Facing last week’s Heartbleed bug the need for improving the security of our systems became more apparent than usually. In Debian there are widely used methods for Hardening packages at build time and guidelines for improving the default installations’ security.
Employing such methods usually come at an expense, for example slower code execution of binaries due to additional checks or additional configuration steps when setting up a system. Balancing between usability and security Debian chose an approach which would satisfy the most users by using C/C++ features which only slightly decrease execution speed of built binaries and by using reasonable defaults in package installations.
All the architectures supported by Debian aims using the same methods for enhancing security but it does not have to stay the same way. Amd64 is the most widely used architecture of Debian according to popcon and amd64 hardware comes with powerful CPU-s. I think there would be a significant amount of people (being one of them :-)) who would happily use a version of Debian with more security features enabled by default sacrificing some CPU power and installing and setting up additional packages.
My proposal for serving those security-focused users is introducing a new architecture targeting amd64 hardware, but with more security related C/C++ features turned on for every package (currently hardening has to be enabled by the maintainers in some way) through compiler flags as a start.
Introducing the new architecture would also let package maintainers enabling additional dependencies and build rules selectively for the new architecture improving the security further. On the users’ side the advantage of having a separate security enhanced architecture instead of a Debian derivative is the potential of installing a set of security enhanced packages using multiarch. You could have a fast amd64 installation as a base and run Apache or any other sensitive server from the amd64-hardened packages!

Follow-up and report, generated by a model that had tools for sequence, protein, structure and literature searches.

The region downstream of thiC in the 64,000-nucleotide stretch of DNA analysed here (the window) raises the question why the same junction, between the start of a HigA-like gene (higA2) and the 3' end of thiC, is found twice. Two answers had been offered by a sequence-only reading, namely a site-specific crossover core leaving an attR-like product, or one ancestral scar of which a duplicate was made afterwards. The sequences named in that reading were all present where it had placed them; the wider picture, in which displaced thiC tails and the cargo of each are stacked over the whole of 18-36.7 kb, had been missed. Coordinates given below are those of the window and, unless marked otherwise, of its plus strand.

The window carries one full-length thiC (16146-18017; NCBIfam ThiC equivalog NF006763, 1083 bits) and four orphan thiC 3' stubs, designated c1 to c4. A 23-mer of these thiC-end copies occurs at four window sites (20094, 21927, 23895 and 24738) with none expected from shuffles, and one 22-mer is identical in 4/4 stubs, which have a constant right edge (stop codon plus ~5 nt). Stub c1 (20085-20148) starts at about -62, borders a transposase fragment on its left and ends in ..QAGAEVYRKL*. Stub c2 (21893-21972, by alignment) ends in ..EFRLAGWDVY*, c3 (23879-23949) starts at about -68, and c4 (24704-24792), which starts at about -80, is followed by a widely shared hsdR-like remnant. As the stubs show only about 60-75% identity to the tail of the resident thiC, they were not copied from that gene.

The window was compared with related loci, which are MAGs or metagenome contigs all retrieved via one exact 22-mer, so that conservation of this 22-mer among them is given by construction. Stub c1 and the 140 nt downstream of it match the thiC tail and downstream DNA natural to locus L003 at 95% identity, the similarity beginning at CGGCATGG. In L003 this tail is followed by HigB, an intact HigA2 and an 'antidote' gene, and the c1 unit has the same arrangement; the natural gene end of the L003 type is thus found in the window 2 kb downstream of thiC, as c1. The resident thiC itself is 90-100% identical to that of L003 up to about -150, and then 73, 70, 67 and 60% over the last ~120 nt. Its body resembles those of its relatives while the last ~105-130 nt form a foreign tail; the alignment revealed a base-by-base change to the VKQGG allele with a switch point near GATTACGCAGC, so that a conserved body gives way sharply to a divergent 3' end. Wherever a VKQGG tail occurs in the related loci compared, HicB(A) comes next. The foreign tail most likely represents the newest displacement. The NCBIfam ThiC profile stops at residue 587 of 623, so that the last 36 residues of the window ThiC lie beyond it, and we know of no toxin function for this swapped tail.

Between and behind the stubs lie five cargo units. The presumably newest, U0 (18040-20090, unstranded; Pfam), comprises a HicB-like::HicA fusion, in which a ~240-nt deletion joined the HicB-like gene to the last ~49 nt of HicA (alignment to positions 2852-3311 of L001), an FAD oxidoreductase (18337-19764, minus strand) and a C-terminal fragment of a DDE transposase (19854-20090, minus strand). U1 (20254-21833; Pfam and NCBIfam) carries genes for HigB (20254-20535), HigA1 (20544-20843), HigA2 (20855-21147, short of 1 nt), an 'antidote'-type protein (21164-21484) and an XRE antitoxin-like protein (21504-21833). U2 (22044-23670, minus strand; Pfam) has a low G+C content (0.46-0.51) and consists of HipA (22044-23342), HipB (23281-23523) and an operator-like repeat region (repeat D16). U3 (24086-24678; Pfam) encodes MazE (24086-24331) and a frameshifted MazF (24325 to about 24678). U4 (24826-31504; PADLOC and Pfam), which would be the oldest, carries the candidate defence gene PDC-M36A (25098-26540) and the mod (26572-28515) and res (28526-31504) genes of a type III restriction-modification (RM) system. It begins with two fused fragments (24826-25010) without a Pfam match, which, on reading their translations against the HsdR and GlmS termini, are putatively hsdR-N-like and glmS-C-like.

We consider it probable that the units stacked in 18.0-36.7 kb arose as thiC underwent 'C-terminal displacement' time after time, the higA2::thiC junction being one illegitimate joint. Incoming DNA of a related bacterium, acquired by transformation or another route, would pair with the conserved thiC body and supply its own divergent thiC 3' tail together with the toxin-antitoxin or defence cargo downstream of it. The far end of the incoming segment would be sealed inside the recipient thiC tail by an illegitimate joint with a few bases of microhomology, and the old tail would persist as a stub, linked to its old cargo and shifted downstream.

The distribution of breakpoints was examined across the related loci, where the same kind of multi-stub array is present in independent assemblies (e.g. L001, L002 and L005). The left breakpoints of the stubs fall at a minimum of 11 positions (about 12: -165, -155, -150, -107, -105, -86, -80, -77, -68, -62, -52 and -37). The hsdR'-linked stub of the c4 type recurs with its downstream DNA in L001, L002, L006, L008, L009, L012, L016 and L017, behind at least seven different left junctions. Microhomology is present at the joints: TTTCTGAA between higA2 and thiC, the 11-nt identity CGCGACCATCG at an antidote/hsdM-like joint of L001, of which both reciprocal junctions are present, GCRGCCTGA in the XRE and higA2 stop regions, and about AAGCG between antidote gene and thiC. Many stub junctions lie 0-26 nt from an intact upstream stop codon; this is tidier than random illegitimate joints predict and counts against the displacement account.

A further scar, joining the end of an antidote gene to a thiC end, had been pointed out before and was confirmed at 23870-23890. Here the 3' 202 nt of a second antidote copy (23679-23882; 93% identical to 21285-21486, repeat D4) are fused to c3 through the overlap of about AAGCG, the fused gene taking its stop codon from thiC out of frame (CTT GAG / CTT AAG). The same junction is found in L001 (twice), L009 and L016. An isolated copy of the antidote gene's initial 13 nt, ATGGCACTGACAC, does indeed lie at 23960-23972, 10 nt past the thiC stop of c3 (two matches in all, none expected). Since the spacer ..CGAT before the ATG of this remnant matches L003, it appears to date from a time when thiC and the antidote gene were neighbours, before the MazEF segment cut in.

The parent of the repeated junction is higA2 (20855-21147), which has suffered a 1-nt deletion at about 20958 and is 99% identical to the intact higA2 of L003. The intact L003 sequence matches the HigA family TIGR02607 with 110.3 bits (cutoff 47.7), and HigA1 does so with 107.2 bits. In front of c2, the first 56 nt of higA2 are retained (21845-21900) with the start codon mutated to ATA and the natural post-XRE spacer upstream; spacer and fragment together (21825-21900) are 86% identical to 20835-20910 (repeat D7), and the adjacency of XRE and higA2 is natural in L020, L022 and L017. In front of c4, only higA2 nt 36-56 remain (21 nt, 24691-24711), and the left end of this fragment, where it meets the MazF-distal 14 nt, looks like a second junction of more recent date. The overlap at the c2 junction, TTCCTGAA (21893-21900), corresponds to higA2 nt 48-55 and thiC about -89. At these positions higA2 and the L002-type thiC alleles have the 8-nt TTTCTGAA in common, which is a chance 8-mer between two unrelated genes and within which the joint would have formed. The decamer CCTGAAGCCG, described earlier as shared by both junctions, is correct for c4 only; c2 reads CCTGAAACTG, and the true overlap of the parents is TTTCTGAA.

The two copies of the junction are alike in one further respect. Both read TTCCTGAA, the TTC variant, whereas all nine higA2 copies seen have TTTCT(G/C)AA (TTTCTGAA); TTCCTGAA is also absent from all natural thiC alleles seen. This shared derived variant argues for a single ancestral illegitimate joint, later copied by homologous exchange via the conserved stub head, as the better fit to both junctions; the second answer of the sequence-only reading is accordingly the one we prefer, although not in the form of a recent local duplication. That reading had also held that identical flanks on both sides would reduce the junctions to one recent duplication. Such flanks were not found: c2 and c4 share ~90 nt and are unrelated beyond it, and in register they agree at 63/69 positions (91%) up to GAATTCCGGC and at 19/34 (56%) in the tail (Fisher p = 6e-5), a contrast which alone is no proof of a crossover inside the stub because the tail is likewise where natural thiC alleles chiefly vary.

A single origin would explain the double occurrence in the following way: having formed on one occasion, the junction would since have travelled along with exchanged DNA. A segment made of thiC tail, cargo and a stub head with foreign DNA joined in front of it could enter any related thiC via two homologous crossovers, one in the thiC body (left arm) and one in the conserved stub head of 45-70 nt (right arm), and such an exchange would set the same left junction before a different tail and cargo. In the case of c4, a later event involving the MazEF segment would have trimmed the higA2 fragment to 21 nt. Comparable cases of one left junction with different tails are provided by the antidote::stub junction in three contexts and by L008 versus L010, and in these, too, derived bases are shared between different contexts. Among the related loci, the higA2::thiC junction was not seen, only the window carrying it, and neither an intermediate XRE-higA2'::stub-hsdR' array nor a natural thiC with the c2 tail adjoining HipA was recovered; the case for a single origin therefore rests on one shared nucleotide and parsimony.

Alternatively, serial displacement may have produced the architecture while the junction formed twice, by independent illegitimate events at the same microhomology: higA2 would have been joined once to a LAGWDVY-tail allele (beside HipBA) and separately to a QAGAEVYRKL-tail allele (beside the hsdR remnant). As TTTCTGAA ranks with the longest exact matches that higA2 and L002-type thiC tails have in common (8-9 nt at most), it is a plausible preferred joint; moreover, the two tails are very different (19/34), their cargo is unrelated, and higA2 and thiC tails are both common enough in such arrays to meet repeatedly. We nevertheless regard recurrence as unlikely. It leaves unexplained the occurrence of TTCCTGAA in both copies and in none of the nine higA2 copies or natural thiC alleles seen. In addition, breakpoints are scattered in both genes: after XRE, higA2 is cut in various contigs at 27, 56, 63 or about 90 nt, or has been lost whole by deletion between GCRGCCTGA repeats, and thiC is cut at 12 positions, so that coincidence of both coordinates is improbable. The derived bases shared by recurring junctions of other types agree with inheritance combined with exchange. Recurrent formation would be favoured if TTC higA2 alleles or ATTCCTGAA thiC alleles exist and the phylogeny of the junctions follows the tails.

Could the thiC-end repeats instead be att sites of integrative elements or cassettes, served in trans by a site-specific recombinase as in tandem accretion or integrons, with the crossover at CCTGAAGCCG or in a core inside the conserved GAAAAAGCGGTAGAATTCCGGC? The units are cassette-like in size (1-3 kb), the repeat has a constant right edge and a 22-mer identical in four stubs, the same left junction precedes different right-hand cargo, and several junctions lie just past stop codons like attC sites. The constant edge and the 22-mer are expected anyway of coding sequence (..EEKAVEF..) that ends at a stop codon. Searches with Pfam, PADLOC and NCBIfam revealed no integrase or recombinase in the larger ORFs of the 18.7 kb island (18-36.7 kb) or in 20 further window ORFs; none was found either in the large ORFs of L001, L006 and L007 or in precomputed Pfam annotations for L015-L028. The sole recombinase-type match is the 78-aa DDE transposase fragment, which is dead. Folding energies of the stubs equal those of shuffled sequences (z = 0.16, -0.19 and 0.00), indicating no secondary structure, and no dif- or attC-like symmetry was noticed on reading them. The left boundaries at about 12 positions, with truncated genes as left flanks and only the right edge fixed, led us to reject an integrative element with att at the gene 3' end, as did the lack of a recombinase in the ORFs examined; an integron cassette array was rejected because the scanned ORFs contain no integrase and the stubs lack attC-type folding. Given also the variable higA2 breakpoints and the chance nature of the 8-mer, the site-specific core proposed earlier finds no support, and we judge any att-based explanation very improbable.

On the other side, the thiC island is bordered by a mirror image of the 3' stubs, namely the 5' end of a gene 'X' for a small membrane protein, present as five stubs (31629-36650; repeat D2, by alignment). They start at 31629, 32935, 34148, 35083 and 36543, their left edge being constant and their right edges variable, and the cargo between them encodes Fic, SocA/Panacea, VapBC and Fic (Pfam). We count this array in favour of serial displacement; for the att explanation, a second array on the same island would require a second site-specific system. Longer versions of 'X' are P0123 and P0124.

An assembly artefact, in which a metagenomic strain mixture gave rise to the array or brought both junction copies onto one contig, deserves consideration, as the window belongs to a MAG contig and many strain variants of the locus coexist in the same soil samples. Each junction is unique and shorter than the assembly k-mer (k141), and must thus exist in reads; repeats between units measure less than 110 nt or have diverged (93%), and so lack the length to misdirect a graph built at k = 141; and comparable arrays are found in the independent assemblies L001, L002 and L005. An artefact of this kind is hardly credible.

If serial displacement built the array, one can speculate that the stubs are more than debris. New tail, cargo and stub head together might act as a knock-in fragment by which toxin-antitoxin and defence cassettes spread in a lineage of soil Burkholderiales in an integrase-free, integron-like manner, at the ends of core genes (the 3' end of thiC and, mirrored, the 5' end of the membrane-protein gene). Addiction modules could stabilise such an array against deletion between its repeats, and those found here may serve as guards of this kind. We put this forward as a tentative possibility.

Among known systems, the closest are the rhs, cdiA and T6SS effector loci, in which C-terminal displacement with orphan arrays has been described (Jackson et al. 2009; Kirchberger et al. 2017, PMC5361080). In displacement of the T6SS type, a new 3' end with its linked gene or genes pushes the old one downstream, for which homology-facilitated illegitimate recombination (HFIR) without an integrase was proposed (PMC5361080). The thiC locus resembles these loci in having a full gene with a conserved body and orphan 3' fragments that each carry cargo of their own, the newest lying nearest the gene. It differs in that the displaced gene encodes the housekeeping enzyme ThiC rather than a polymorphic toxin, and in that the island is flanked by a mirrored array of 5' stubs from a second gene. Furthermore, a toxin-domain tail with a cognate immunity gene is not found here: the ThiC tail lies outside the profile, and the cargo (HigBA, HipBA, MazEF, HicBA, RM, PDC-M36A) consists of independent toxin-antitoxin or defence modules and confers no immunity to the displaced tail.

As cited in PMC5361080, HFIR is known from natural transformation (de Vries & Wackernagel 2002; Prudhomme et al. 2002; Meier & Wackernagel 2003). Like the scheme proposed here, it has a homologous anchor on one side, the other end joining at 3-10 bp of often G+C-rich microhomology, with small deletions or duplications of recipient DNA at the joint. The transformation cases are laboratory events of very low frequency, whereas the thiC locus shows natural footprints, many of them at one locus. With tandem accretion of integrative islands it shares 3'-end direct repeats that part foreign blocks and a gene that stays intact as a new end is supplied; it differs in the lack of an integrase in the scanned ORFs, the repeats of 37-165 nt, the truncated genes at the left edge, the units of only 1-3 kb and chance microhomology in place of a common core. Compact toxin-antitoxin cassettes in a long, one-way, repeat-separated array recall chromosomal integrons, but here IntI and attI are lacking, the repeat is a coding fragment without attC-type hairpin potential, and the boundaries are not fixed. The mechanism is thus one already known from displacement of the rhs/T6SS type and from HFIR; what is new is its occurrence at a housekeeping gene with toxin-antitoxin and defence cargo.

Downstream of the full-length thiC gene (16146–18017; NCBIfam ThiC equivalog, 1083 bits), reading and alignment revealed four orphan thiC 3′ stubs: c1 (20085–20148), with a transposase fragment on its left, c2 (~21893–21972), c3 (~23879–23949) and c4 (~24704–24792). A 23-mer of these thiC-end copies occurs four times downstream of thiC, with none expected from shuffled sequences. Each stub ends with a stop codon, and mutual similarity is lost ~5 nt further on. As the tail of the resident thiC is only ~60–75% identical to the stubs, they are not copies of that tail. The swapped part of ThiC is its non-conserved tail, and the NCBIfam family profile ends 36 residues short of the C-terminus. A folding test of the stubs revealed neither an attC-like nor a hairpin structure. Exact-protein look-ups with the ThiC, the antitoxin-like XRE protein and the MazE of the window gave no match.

I have sent the proposal for discussion to debian-dev, too. Please join the discussion there or leave a comment here.
Sarah dropped Zoe around this morning at about 8:30am. She was still a bit feverish, but otherwise in good spirits, so I decided to stick with my plan for today, which was a tour of the Port of Brisbane.
Originally the plan had been to do it with Megan and her Dad, Jason, but Jason had some stuff to work on on his house, so I offered to take Megan with us to allow him more time to work on the house uninterrupted.
I was casting around for something to do to pass the time until Jason dropped Megan off at 10:30am, and I thought we could do some foot painting. We searched high and low for something I could use as a foot washing bucket, other than the mop bucket, which I didn't want to use because of potential chemical residue. I gave up because I couldn't anything suitable, and we watched a bit of TV instead.